Sermon for the Third Sunday of Epiphany
20th Jan 2019
The Wedding feast at Cana.
Jesus did this, the first of his signs, in Cana of Galilee, and revealed his glory. John 2.11
This holy season of Epiphany contains a natural kind of exuberance, like the bubbles in a glass of champagne. For Epiphany is the coming into being of Christ as the glorious manifestation of power and presence. Outward and seemingly ordinary events become charged with the presence of the Creator God and burst into life. The Baptism of Christ which we observed last week was accompanied by the opening of the heavens and the voice of God crying ‘This is my Son, my beloved, in whom I am well pleased’. We understand the Season of Epiphany as the beginning of several epiphanies or glorious manifestations. The coming of Jesus Christ as our Saviour has its own unstoppable momentum,
You go to my head,
And you linger like a haunting refrain
And I find you spinning round in my brain
Like the bubbles in a glass of champagne.
Writers Teddy Randazzo, Bobby Weinstein.
You may think this champagne image a bit frivolous, until you realize that today’s Epiphany happening, the turning of the water into wine at the wedding feast in Cana, is the first of Christ’s miracles. And because it is the first miracle it has great significance for the Christian Church in the manifestation of God’s glory. It comes to us in the writing of Archbishop Michael Ramsey:
The glory of God is the living man
And the life of man is the vision of God.
St Irenaeus, inscribed on Archbishop Ramsey’s gravestone.
Christ’s life is to be our example, and it is to be a life lived to the full, brimmed full of expensive and exuberant love. It is to be a life of intimate connectedness and friendship and personal understanding and generosity. And this is revealed, sensationally, at the Cana wedding feast in the miraculous supply of wine. This is Christ’s epiphany as loving provider and life giver, or in the words of one of modern hymns, as ‘The Lord of the Dance’. “I’ll lead you all, wherever you may be, and I’ll lead you all in the dance,” said he... The psalmist puts it in more elevated terms when he says “With you, O God is the fountain of life, and by your light we see light”. (36, 7b,8). God is the fountain of life and the waters of life dance to the tune of his voice. He is, before all else, a life giver.
Parties of whatever kind, and specially wedding parties, where members of different families are meeting in an intimate atmosphere as strangers, need some social ‘oiling’ to get them going. In one of Alan Bennett’s plays, ‘Single Spies’, none other than our Queen Elizabeth II is featured, and we overhear a conversation that she’s having with the curator of her paintings. ‘Of course’ she says dryly, ‘When I meet people they’re always on their best behaviour, and when people are at their best they are invariable at their worst, and this is so fatiguing...’ The provision of good wine or drink is both an emollient, an ice-breaker, and also an act of celebration in itself, a toast to the bride and groom.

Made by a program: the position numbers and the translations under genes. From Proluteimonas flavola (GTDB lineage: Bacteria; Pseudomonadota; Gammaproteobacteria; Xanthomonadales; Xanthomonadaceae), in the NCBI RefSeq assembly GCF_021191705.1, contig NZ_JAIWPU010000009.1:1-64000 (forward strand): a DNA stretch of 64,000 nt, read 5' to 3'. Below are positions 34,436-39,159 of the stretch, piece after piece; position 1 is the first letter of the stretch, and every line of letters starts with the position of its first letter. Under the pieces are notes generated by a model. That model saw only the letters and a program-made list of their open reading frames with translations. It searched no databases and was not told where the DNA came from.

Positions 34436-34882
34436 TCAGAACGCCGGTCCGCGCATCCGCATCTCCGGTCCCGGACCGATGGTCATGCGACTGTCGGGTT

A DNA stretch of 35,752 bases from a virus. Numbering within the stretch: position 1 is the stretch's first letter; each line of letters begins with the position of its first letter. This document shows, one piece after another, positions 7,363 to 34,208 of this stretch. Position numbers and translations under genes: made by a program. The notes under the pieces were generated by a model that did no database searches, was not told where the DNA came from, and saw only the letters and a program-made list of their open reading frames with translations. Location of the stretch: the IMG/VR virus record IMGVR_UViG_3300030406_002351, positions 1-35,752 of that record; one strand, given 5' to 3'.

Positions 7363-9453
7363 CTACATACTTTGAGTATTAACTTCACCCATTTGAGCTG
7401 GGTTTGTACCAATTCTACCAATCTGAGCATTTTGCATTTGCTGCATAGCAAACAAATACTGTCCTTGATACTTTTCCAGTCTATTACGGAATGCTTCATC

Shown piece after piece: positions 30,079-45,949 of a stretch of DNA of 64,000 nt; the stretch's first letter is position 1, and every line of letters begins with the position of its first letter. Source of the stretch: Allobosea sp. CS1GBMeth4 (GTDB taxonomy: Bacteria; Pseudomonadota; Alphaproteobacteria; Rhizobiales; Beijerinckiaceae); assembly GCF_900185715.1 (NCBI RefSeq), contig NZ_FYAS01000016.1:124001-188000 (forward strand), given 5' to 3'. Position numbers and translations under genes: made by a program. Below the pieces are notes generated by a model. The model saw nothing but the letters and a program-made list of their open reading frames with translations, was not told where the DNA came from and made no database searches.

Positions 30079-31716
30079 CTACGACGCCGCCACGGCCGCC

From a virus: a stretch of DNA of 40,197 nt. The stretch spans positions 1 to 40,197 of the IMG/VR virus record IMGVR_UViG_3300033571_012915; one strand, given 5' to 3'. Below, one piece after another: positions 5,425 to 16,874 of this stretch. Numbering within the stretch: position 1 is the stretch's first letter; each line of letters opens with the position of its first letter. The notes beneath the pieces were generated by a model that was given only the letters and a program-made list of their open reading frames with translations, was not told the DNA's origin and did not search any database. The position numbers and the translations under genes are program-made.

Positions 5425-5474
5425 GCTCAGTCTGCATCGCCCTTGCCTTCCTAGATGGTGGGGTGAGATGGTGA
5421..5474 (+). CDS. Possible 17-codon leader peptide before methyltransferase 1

In the wedding feast at Cana, we are being given us a foretaste of the life that he has come to bring. His ministry is to be intimately bound up with the lives of those around him, and he is to promise his followers as he promises us in this Eucharist, not just life, but life in its fullness. His and our cup of life through the Holy Spirit is to run over, and promise deep and unspeakable joy.
In Christ we have fullness of experience at the earthly level. The fount of life is also the God who refreshes us within the very heart of ourselves, and warms our hearts with his gracious and generous love. There is no part of our lives that cannot be loved back into union with ourselves, with others and with God. However stubbornly we play dead with those parts of our nature that need healing, God beckons us into loving union with him through the life of his Church. This is why the Church has been referred to as ‘the bride of Christ’ : The Wedding Feast at Cana speaks of Christ’s willingness to espouse his ministry to the guests then and to us now, as he calls you and I into union with our maker. The only joy worth having is the joy of union with the Creator, and not with artificial substitutes.
Christ meets us and we meet him in this Eucharist, and as we say our prayers to God here and elsewhere and as we continue our journey in the Christian Faith, and as we encounter God here we become aware too that there is a joy to be experienced which lies beyond momentary pleasure or satisfaction. There is a life to be lived which takes us beyond existence for its own sake. We have, after all come to church because we know that this deeper, richer seam of life is available to us in the worship of the Church and in union with Christ. We are living not for ourselves alone but for him who gave himself for us. For Him who reconnects us and our lives with our Maker. With him who, even though we still have to struggle with all that life throws at us, nonetheless is our ’all in all’.. It is in Christ that God can, in us, accomplish more than we can imagine or ask. And the sign that this joy, this glory, is present, is a sure one. As Isaiah says to us in this morning’s OT reading, “As the bridegroom rejoices in the bride, so God will rejoice in you”. (62.5).